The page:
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Working without Structure
Recently, we wrote about structural constraints to innovation and how firms might encourage creativity. One of the suggestions was to encourage non-commissioned work, allowing employees to explore things outside the structure or hierarchy. But what if you eliminated all hierarchy and worked in a place devoid of any formal structure? Let’s look inside a company that purports to do this: Valve, a game development company.
Valve, located in Kirkland, Washington, started business in 1996. The company creates and develops high-quality computer games. Their first game, Half-Life, was not released until two years later; Valve does not work under strict timelines, preferring to release products when they are ready rather than according to rigid timetables.
As the company has grown from 30 employees in 1998 to 300 today, it has maintained a work environment with no hierarchy and virtually no structure. The idea of "no bosses" is captured in the employee handbook’s credo on the title page, “A fearless adventure in knowing what to do when no one’s there telling you what to do.”1
Apparently, Valve sees its primary competitive advantage as being able to fully exploit the innate creativity of its workers by letting them ideate about projects that they are interested in and, perhaps, passionate about. Their business model is built on the ability to execute the “initial creative act” that leads to a significant first mover advantage. Valve has been successful with this model, but the idea of no hierarchy and only informal structures comes with some caveats.
While there are tremendous gains to be had from encouraging people to organize at the activity level based on exactly what needs to be done "right here, right now," an absolute lack of formal structure can have costs of its own.
One of Valve’s newer employees, Michael Abrash, asserts in his blog that the Valve way is a “lot like evolution—messy, with lots of inefficiencies that normal companies don’t have.”2 While structure allows people to focus on pieces of the work that any company must get done, Valve depends on changing, self-organizing groups to provide the structure required to take ideas for games all the way down to shipping and distribution. Admits Abrash, as a product gets closer to market, more rigid processes must set in, including deadlines. It is likely that Valve is inefficient in these types of processes because they have no formal structures in place to focus on these activities.
Another inefficiency is communication. This may be counterintuitive because we often think that hierarchy bottlenecks communication, but relying solely on organization of loosely formed groups also puts pressure on communication. The handbook directly states that “disseminating information internally” is something Valve is not good at.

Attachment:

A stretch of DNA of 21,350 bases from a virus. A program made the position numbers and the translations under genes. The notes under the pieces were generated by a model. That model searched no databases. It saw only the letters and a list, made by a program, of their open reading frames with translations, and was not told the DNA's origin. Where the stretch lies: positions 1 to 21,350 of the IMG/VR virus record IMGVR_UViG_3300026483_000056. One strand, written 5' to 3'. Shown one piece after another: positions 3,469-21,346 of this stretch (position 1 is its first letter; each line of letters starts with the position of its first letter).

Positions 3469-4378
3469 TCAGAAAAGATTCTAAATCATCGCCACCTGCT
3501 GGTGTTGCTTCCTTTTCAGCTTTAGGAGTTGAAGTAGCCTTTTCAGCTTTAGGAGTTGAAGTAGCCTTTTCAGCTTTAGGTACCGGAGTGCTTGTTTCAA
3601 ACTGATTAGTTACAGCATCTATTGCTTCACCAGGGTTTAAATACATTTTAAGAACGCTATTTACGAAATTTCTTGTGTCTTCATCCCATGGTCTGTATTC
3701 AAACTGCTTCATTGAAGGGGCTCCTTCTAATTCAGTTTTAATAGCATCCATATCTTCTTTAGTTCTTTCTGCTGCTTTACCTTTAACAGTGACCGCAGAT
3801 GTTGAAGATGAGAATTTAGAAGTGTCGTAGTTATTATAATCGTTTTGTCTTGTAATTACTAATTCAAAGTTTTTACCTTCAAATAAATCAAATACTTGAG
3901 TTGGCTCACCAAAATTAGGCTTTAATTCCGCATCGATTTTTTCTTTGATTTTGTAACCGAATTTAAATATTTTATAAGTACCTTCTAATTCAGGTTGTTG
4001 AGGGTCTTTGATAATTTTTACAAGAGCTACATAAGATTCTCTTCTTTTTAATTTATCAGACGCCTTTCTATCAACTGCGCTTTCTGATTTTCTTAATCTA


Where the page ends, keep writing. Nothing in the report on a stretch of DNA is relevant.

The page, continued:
One area of great focus in Valve's handbook is the challenge of hiring the right people. This is strategic for Valve. With no structure, people must come ready to contribute—no development paths, no opportunities to learn critical things like how to make decisions (things well established in companies like Proctor and Gamble and GE).
In fact, Abrash reports that when he started, the first task was to determine what to do—mostly by talking to peers (and nearly everyone is a peer). The handbook asserts that the company is not good at mentoring people or “proactively helping people to grow in areas where they need help.” They must come ready to learn immediately, so Valve has spent a lot of time developing hiring practices that can tap the right people from all kinds of disciplines (something else they admit they wish they were better at).
So eliminating structure comes with a unique set of challenges, and—while it works with the Valve business model where projects take a long time and initial creative acts are the basis for new products—companies that must seek new product/market ideas AND become more efficient to control costs can still learn some things from Valve.
First, no hierarchy requires complete transparency. Those making the decisions must have access to the information required to make them. Too often in normal structures information can be held back in part because of lack of trust. Often, structured environments become ineffective not because of the inherent structure, but because those in charge do not trust enough to make information completely available so that people closest to the work can fully engage in and determine outcomes.
Second, Valve is an great engine for daily cooperative interactions. That is, groups formed around clear common ends, one activity at a time. Abrash in his blog talks about how he vetted out his idea of wearable computing. In effect, he created small, informal groups that focused clearly on the viability of the idea and also the challenges it might face. The main finding from these "right here, right now" discussions was “that the experiment needed to be structured so there were clear tests for success and failure.”
Indeed, the cooperation is so strong that new ideas are able to germinate under disciplined processes where the focus is on common ends (no win/win compromises). Managers elsewhere would do well to emulate these cooperative contexts even when working in structured environments.
1Valve Handbook for Employees. http://newcdn.flamehaus.com/Valve_Handbook_LowRes.pdf
2Kain, Eric (2012). Valve’s Michael Abrash: Hierarchical Management Bottlenecks Innovation, Forbes. http://www.forbes.com/sites/erikkain/2012/04/16/valves-michael-abrash-hierarchical-management-bottlenecks-innovation/
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